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Japanese refiners are in a rush to buy as much Iranian crude as they can before the sanction waiver window granted by the U.S. Treasury Department closes in May, S&P Global Platts reports, citing unnamed sources.
The sources said local refiner Cosmo Oil had ordered a cargo of 900,000 barrels of Iranian heavy crude, to be loaded early next month and this will likely be the last cargo of Iranian crude to be shipped to Japan.
Japan last year suspended all purchases of Iranian crude in anticipation of the sanction waiver it received from the United States in November but has been slow to resume imports of the commodity once the waiver was secured.
Japan refinery industry insiders said late last year that they were planning to resume imports of Iranian crude in early 2019, with Trade Minister Hiroshige Seki telling Reuters in November “It would be up to the judgment of private firms, but based on this decision, the (Japanese) companies would likely prepare for resuming Iran crude imports.”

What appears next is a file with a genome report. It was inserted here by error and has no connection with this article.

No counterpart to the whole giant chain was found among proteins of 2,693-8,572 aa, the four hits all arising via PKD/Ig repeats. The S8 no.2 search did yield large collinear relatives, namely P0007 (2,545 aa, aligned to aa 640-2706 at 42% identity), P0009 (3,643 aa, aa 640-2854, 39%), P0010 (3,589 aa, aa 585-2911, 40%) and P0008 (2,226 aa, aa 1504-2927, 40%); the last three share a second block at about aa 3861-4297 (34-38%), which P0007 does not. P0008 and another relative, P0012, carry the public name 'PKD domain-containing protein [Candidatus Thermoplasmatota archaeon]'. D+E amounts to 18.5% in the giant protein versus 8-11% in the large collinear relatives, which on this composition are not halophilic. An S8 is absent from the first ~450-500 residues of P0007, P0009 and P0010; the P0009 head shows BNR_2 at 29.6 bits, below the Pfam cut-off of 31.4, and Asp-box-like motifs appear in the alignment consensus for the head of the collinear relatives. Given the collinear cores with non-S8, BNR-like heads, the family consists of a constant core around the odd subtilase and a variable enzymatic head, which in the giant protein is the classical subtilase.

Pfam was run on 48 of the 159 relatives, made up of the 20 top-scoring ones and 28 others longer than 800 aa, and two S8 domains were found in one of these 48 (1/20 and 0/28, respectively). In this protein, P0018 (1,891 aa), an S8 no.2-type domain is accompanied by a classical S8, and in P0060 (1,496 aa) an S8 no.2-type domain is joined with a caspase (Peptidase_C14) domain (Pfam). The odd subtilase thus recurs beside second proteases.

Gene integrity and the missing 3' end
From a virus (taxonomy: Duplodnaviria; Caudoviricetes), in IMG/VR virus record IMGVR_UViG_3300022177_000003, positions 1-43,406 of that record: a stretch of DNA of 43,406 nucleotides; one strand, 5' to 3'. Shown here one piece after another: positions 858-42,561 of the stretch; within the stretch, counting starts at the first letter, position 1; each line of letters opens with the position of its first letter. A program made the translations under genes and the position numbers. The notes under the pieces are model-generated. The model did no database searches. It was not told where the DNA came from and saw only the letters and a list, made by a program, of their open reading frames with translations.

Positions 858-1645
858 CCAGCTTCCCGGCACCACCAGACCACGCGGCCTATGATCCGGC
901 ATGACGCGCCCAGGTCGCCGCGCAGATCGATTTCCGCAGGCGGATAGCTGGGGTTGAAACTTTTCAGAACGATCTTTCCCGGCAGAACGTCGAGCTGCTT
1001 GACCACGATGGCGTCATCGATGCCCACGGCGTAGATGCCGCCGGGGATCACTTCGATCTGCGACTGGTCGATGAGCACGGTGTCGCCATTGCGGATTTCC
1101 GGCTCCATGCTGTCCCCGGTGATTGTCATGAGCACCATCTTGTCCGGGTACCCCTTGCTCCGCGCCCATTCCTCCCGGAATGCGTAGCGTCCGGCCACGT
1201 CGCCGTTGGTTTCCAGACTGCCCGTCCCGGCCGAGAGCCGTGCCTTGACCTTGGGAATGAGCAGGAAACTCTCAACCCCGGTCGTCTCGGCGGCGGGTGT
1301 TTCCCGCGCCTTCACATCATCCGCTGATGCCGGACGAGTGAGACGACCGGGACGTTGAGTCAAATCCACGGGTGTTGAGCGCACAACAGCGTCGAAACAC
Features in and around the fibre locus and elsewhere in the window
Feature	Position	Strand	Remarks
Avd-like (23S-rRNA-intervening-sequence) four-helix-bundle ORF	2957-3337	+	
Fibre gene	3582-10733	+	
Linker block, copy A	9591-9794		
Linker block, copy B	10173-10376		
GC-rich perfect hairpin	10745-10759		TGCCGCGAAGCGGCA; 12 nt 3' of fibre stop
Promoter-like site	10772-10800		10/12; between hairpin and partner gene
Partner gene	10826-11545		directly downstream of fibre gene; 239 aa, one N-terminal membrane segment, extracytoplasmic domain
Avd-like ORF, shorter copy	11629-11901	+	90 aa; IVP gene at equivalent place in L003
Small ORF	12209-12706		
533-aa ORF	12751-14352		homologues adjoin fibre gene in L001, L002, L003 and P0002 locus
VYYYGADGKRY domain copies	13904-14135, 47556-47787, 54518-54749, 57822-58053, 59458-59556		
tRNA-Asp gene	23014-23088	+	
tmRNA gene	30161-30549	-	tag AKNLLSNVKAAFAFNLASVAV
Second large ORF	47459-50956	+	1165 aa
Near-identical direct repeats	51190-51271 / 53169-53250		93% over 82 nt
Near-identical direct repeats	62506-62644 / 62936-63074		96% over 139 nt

Japan is one of Iran’s largest oil importers, but it is also the United States’ staunchest ally in Asia—and the combination of the two has not worked to Tokyo’s advantage. While the government has been trying to secure a waiver from the U.S. State Department, the Japanese economy seems to be dependent enough on U.S. lending to make local refiners extra-cautious.
Now, as Washington reiterates its zero-exports policy towards Tehran, Japanese refiners are apparently trying to make the most of what window they have before the sanctions snap back.
"The US policy is to drive Iranian exports to zero," a State Department official said at a news conference in Tokyo. "That policy has not changed. We are unwavering in our policy." However, Francis Fannon, assistant secretary at the Bureau of Energy Resources added it was too early to say whether the U.S. would consider granting waiver extensions to Iran’s biggest oil clients.
By Irina Slav for Oilprice.com
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Irina is a writer for Oilprice.com with over a decade of experience writing on the oil and gas industry.